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I am still learning, I have been into photo again now for maybe 6 years and mostly on my vacations.
So thanks for the hints, I will try to think about that.

Since I am still learning, I hope to never stop, I go by what I feel is right now.
In this particular picture I like the corrected view, maybe because it becomes more dramatic!
I think both the uncorrected and corrected view has its merits, the uncorrected view with converging lines can give an idea of soaring into the sky.
Dealing with perspective when photographing buildings is an old problem. In the early 1970’s I was introduced to using swings tilts shifts rise and shifts on the 4x5 view camera. The movements to correct correspond to software we use today. 35mm tried the tilt shift lenses for the same reason. The Hasselblad SWC camera had a different way to make the lines squared. When the building is photographed with the wide lens angles are exaggerated.
I saw an article many years ago where a Manhattan skyline was photographed from miles away with a big telephoto lens and it really showed the size of the high rise buildings.
It was interesting to see the different way the building looked in the entries as some were tilting back, parrallograms, or whatever the different software came up with.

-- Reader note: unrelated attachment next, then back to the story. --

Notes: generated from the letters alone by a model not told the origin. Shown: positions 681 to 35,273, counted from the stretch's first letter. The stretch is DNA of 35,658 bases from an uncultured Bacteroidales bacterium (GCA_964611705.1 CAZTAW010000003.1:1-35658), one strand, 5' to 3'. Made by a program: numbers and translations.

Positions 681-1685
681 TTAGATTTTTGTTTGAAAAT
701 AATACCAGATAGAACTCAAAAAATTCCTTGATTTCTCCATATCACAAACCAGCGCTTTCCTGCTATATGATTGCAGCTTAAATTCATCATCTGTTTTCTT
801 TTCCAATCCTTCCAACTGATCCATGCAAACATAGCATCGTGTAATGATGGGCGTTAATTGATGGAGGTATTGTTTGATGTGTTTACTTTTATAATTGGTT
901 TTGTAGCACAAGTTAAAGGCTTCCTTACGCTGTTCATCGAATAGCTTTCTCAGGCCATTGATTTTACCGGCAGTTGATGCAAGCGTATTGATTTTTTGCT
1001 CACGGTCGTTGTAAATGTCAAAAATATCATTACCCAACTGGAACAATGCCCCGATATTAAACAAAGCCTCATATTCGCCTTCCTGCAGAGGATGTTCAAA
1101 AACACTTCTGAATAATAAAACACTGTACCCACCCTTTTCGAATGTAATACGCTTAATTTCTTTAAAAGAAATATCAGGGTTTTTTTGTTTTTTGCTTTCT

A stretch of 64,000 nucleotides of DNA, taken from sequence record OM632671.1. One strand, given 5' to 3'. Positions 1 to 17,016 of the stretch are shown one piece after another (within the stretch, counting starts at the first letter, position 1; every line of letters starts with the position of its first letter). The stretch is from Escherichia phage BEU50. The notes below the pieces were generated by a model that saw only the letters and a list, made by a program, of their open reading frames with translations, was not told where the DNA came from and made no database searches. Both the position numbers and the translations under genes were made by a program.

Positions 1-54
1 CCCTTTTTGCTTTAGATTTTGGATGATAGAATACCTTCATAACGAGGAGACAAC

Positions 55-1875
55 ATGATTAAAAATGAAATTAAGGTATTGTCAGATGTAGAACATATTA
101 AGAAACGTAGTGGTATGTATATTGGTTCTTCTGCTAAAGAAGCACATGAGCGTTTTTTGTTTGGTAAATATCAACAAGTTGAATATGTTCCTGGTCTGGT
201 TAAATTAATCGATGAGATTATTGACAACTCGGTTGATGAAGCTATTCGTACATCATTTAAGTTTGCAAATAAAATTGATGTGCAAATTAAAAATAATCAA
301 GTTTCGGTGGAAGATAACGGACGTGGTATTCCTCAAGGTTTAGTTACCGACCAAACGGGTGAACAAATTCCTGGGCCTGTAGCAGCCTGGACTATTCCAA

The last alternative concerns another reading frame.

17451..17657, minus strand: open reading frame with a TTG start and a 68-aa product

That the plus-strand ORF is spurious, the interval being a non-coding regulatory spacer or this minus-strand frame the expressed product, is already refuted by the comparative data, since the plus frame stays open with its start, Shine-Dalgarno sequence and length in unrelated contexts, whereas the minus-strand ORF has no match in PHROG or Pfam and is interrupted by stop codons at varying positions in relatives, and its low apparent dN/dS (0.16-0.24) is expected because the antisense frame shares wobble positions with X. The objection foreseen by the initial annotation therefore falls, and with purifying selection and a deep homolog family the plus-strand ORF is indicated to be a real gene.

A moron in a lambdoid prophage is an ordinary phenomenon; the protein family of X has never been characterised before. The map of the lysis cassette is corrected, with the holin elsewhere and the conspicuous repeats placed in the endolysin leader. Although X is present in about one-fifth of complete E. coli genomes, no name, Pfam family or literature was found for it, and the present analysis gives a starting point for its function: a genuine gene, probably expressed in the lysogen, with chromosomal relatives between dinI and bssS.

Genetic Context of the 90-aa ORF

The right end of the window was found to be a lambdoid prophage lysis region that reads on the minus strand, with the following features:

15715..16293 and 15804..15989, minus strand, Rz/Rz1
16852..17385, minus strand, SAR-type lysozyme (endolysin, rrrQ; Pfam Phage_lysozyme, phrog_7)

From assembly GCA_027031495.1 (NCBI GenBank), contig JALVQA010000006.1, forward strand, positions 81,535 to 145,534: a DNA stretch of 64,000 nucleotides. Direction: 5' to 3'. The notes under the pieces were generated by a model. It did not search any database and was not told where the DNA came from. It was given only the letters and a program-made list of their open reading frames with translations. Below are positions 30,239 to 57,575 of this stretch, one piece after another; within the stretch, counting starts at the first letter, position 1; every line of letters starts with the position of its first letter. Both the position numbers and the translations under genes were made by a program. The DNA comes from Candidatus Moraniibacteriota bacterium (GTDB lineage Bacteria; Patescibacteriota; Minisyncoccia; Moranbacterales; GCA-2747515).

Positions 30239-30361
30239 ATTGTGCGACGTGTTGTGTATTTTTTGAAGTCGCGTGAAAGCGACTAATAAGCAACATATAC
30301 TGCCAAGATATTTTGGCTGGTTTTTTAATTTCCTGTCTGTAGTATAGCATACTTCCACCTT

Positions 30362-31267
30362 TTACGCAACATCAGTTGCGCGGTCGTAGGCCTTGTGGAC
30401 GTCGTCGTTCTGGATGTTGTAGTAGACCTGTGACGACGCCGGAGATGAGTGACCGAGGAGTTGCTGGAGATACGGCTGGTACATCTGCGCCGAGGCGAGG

I’m sure that architecture photography is a specialty for some.
The choices are different for each building for the optimal way to photograph it.
 
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Interesting discussion on perspective correction. This may be crazy, but I found than when I'm scrolling upwards and looking at the images of the building in the various entries, in some the building seems to get larger at the top, in others smaller, so what I tried to do is the partial correction that made the building appear to be neither diverging nor converging as I scrolled upwards (as I said, this maybe crazy and may depend on other factors including subjective perception :). But looking at all the entries now while scrolling upward, it seems that @rpatodia, @Rob Rider, and @Hendrik I think applied similar amounts of correction, so it may not be that crazy after all. I don't really understand this. Comments will be much appreciated
 

Dinobe

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I decided not to correct the perspective, as this reflects our natural 'view' as we look up to tall buildings. Also as the photo was taken close to the building this perspective distortion is bigger so correcting it would make it more obvious.

This doesn't mean that I never correct perspective, just when correction becomes overly obvious I avoid it
 
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RichardC

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My boss discouraged the use of wide angles at weddings to avoid 'falling down churches'. It was drummed into me. Pre-digital age, it was an issue!

I always correct for verticals but I'm mindful that sometimes the picture needs 'stretching' after correction to make it look right. This generally involves guesswork :)
 

BosseBe